About the Trail
The Pennine Bridleway is a 205 miles (330 Km) long National Trail running through the Pennine hills from Derbyshire to Cumbria. It has been specially designed for horse riders, and is also great for mountain bikers and walkers. The route was opened in stages with the full 205 mile route opened by Martin Clunes in June 2012.
The Trail includes 2 large loops. The first is the Mary Towneley Loop in the South Pennines that was the first section of the Trail to open back in 2002. This is 47 miles long and makes a great weekend’s walk or ride although some mountain bikers like to try and do it in a day! The 2nd Loop is the 10 mile Settle Loop in the Yorkshire Dales. This makes an excellent days walk or horse ride and can be extended by using the bridleway network to take in the village of Malham too.
The Pennine Bridleway is not the same as the Pennine Way; it follows a different route and has been designed especially for use by horse-riders and cyclists.
Exploring the Trail
The route runs through the Pennines so expect hills and changeable weather!
The route follows a variety of surfaces including minor roads, aggregate tracks, grassed stone tracks, stone setts and worn causey flags. Some of these have been newly created specifically for the Pennine Bridleway but some are ancient highways such as drovers roads or packhorse trails that have been in use for centuries.
The National Trail is very well way-marked so following the route is easy. But it is always a good idea to take a guidebook or map.
The best time to complete the Trail is April to October, when the weather is most favourable.
What is special about the Trail?
The Pennine Bridleway is the only National Trail specifically designed to be used by equestrians although since the idea for the route was conceived mountain biking has really taken off and the Trail offers a fantastic challenge for cyclists too. The Trail provides an amazing long distance, largely off-road ride/walk through the Pennines following old drove roads, packhorse routes and new sections of bridleway. The route passes through varied and beautiful countryside following a succession of different types of tracks and surfaces. It is by no means easy but well worth the challenge and completing any or all of the route will provide a real sense of achievement.
Highlights of the Trail include the flora and fauna in the vibrant, clean and green Chee Dale Nature Reserve; stunning views over the Kinder plateau either side of the exhilarating yet peaceful Roych Clough (one of Britain’s classic mountain bike rides); panoramic views of the Pennines and valleys in Calderdale, Rochdale and Lancashire; the 6 compartmented water trough at Mankinholes where packhorse ponies stopped for refreshment; the Rochdale Canal. New trails link with old to zig zag up, down and across the Lancashire moors on route to the village of Wycoller with its ancient packhorse bridge. The north Lancashire stretch offers a more pastoral scene and a bit of a breather before reaching the Dales. The Yorkshire Dales section features classic limestone landscapes, including great views of the nationally important Malham Tarn and the peaks of Ingleborough and Whernside; from Dales villages to remote open uplands via enclosed grassy tracks and wide drove roads with glimpses of limestone pavements, impressive viaducts on the Settle to Carlisle railway, and a prizewinning new bridge. The views just keep coming once up on Lady Anne’s Highway with views along the Mallerstang valley and a final push from the High Dolphinsty to the Cumbrian village of Ravenstonedale.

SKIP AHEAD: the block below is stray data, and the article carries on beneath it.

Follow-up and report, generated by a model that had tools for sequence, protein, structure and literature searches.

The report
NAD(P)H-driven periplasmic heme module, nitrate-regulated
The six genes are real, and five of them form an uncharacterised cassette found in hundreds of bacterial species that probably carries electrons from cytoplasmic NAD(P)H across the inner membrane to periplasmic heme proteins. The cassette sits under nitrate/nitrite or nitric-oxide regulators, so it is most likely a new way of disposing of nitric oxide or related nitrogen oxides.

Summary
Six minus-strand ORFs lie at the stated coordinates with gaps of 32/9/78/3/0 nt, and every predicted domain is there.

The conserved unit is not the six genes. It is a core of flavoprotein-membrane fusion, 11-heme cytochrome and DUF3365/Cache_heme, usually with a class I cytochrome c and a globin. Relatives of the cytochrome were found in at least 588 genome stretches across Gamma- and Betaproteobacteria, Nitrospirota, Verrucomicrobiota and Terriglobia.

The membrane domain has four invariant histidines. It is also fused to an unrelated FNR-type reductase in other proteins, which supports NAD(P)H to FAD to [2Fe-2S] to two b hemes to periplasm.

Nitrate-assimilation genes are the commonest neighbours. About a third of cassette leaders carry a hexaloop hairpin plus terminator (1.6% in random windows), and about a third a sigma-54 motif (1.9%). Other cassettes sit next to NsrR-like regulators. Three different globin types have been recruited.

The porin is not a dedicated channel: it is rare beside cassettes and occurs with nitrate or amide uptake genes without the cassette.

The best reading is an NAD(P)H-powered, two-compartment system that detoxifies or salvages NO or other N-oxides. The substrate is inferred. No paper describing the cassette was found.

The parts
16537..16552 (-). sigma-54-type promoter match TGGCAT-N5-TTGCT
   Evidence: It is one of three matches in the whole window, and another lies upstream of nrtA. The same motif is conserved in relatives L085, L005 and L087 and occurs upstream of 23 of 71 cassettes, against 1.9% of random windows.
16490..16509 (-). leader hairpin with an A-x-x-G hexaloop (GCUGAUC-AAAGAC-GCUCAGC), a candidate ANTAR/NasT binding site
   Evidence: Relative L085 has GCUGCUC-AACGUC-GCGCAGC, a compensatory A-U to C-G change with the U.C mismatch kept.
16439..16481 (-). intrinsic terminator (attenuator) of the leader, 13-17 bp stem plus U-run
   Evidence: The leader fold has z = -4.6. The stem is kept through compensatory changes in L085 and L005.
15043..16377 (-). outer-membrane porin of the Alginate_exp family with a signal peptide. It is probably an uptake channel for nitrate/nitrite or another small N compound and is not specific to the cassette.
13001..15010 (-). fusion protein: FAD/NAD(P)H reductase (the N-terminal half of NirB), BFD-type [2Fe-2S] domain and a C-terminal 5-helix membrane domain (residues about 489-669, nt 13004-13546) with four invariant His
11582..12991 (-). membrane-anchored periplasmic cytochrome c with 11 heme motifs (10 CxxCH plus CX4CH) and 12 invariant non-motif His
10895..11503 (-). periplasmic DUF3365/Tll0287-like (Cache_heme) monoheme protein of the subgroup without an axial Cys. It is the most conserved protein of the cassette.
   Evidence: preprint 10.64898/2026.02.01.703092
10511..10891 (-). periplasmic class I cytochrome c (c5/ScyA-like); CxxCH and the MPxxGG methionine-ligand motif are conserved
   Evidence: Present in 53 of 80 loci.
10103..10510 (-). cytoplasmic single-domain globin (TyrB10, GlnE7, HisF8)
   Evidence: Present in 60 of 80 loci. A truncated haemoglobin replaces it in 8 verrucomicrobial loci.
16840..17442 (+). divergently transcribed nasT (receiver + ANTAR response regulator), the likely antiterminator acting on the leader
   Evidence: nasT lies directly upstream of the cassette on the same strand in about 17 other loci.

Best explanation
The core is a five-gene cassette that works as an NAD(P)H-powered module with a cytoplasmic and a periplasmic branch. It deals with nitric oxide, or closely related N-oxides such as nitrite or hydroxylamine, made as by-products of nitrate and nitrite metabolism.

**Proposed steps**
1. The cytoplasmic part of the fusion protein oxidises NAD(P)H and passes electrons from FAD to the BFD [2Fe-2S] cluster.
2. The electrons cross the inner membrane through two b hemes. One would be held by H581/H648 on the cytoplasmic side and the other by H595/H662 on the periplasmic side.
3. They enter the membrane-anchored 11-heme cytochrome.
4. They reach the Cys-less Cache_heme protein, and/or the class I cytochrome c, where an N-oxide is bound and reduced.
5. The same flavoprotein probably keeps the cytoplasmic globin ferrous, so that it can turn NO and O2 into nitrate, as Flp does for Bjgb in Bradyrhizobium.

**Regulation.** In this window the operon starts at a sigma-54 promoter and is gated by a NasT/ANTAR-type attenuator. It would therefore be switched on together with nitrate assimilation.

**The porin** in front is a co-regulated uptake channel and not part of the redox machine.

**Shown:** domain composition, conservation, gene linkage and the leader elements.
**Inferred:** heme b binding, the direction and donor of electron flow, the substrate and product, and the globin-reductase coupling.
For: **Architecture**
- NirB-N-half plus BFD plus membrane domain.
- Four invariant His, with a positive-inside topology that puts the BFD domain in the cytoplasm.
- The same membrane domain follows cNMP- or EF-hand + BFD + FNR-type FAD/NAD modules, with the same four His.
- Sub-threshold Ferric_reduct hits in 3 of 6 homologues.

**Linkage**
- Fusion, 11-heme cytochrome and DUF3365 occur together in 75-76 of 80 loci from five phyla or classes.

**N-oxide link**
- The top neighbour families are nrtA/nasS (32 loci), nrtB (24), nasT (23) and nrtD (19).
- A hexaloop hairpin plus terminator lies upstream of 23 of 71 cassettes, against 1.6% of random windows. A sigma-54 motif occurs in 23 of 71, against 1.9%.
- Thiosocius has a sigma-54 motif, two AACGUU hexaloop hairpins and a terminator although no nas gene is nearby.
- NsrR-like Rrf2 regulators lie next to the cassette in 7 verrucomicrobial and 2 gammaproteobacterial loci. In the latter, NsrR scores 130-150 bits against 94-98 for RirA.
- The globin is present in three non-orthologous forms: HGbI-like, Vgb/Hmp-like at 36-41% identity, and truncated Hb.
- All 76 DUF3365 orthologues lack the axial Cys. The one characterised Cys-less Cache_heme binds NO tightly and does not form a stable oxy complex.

Manchester Airport is the nearest airport to the southern end of the trail.
Walkers can easily access the Trail by public transport. If you are planning to travel by train or bus with your bike we recommend that you check first – not all trains or buses carry bikes and some restrict the number they will carry.
The nearest rail station to Middleton Top is Cromford, a mile from the start of the High Peak Trail.
At the northern end of the trail the official route ends at the A683 in Ravenstonedale. The nearest train station is on the southern edge of Kirkby Stephen, approximately 6km away. There is an alternative route using public rights of way which will take you directly to Kirkby Stephen (pdf map 1Mb). There is an in-frequent bus service from Ravenstonedale to the train station at Kirkby Stephen, see the Dales Bus website for details.
For detailed rail information please see
www.nationalrail.co.uk or www.thetrainline.com.
There are buses to Middleton Top although if you have a bike you will need to check with the bus operator whether they can take bikes on board.
There is an in-frequent bus service from Ravenstonedale to the train station at Kirkby Stephen, see the Dales Bus website for details.
You can find up-to-date public transport information on www.traveline.info.
By car / horsebox
If you want to leave your car in a public place whilst spending several days walking or cycling on the Trail, we recommend that you inform the local police of your intentions. You may be able to leave your car with your accommodation provider.
There are a number of places along the Trail that are suitable for short stay horsebox parking. These are shown on the interactive map. We don’t recommend that you leave horseboxes overnight in rural car parks. Many of the farmhouse accommodation providers are able to arrange secure horsebox parking – check the accommodation details on the map.
This National Trail passes through the very best landscapes – places you may want to explore for several days at a time. From cosy country inns to characterful cottages, we’ve got your accommodation near the Pennine Bridleway covered.
Download and print a list of accommodation for each section of the Trail.